Althusser, Louis. “Ideology and Ideological State Apparatuses.” 1968. Literary Theory: An Anthology. 2nd Ed. Eds. Julie Rivkin and Michael Ryan. Malden, MA: Blackwell, 2004. 693-702. Print.
Posted by: tiffany.carpenter at April 9, 2012 02:18 PM
March 09 2012
August Wilson explores the hidden structure and wickedness of capitalism within Fences. His study focuses on the African American culture and family—he depicts the never-ending struggle of the African American Family. The economic struggle of African Americans stems from an ideology—the American Dream. The relationship between Troy (father) and Cory (son) symbolizes the struggle (conflict) between the bourgeoisie and the proletariat. In the eyes of Marx, the relationship between Troy and Cory depicts the truth behind the struggle of the bourgeoisie and the proletariat because their relationship excludes class distinction—class distinction (race) does not influence their actions and decisions. Thus, “When, in the course of development, class distinctions have disappeared, and all production has been concentrated in the hands of a vast association of the whole nation, the public power will lose its political character. Political power . . . is merely the organized power of one class for oppressing another” (Marx). Despite Cory’s enthusiasm and academic achievements, Cory is forced to follow the steps of his dad (he will never be able to please Troy). His actions as a human being are a depiction of his suppressed emotions.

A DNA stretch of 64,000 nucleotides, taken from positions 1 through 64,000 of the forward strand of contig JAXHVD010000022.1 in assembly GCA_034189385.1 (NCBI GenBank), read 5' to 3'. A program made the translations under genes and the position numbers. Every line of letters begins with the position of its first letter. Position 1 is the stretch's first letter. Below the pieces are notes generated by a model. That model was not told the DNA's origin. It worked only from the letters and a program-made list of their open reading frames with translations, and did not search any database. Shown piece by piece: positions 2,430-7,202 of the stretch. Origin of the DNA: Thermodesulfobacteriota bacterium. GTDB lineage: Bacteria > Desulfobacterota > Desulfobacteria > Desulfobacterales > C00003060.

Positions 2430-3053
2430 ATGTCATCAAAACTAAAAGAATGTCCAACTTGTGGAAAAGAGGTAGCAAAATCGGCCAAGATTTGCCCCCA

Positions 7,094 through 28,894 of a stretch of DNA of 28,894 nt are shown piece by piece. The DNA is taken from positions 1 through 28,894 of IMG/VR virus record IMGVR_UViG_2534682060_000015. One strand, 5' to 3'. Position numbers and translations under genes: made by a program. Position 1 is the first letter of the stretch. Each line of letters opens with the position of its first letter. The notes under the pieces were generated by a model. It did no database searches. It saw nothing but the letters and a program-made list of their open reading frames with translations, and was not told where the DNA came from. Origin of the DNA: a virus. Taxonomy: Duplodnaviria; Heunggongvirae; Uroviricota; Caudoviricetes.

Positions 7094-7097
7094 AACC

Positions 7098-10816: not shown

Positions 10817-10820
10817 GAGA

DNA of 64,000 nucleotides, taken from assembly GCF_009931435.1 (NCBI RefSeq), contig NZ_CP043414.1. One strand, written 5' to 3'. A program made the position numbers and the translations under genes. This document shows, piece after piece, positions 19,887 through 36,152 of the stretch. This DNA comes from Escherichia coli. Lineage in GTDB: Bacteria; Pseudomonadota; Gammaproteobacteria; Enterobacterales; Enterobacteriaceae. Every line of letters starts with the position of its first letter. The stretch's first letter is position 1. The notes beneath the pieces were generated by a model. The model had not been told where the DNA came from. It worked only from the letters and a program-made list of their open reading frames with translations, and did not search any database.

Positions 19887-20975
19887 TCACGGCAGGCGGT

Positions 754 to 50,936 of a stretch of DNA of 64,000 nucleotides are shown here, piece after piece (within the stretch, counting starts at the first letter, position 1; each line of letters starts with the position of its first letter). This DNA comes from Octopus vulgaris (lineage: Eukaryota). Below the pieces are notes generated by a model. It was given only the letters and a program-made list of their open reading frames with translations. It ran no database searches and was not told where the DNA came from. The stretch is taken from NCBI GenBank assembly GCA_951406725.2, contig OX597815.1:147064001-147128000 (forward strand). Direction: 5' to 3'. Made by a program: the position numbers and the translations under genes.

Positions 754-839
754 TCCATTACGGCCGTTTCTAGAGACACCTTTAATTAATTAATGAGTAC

Lyotard examines the relationship between language and history, which directly applies to August Wilson’s Fences. The characters within this play embrace the English language quite differently—they communicate by speaking words that are uniquely used by African Americans. Characters such as Troy, Cory, and Rose, identify themselves with black dialect because it symbolizes their background, heritage, and culture. These three characters, evidently, share a common background and heritage, which allow them to interact with one another without being misunderstood. Based on Lyotard’s argument, Troy, Cory, and Rose are not using black dialect to distant themselves from their current society (white society). They are using black dialect because the relationship between their history and language is too difficult to separate from one another. For instance, Troy is rejected by white society, which is symbolized by his struggle to survive and by his struggle to provide for his family. He, of course, never overcomes the society that has been holding him back both psychologically and emotionally. Hence, he can only overcome white society by creating something unique of his culture that nobody can take away from him but other African Americans—he relies on language. He also uses his culture against his family members—he is disguised behind his skin color. Black dialect within Fences not only symbolizes the struggle of African Americans, but it also symbolizes the direct relationship between history and language. Language evolves as societies and people grow older, which is symbolized by history. Lyotard argues that new languages should not be overlooked or ignored because they stem from humanity—they are the product of history. Lyotard writes that “new languages are added to the old ones, forming suburbs of the old town” (360). The black dialect used by Troy, Cory, and Rose represent the beauty of evolution. However, Troy does not necessarily use black dialect to distant himself from white society, but he also uses black dialect to oppress those around him.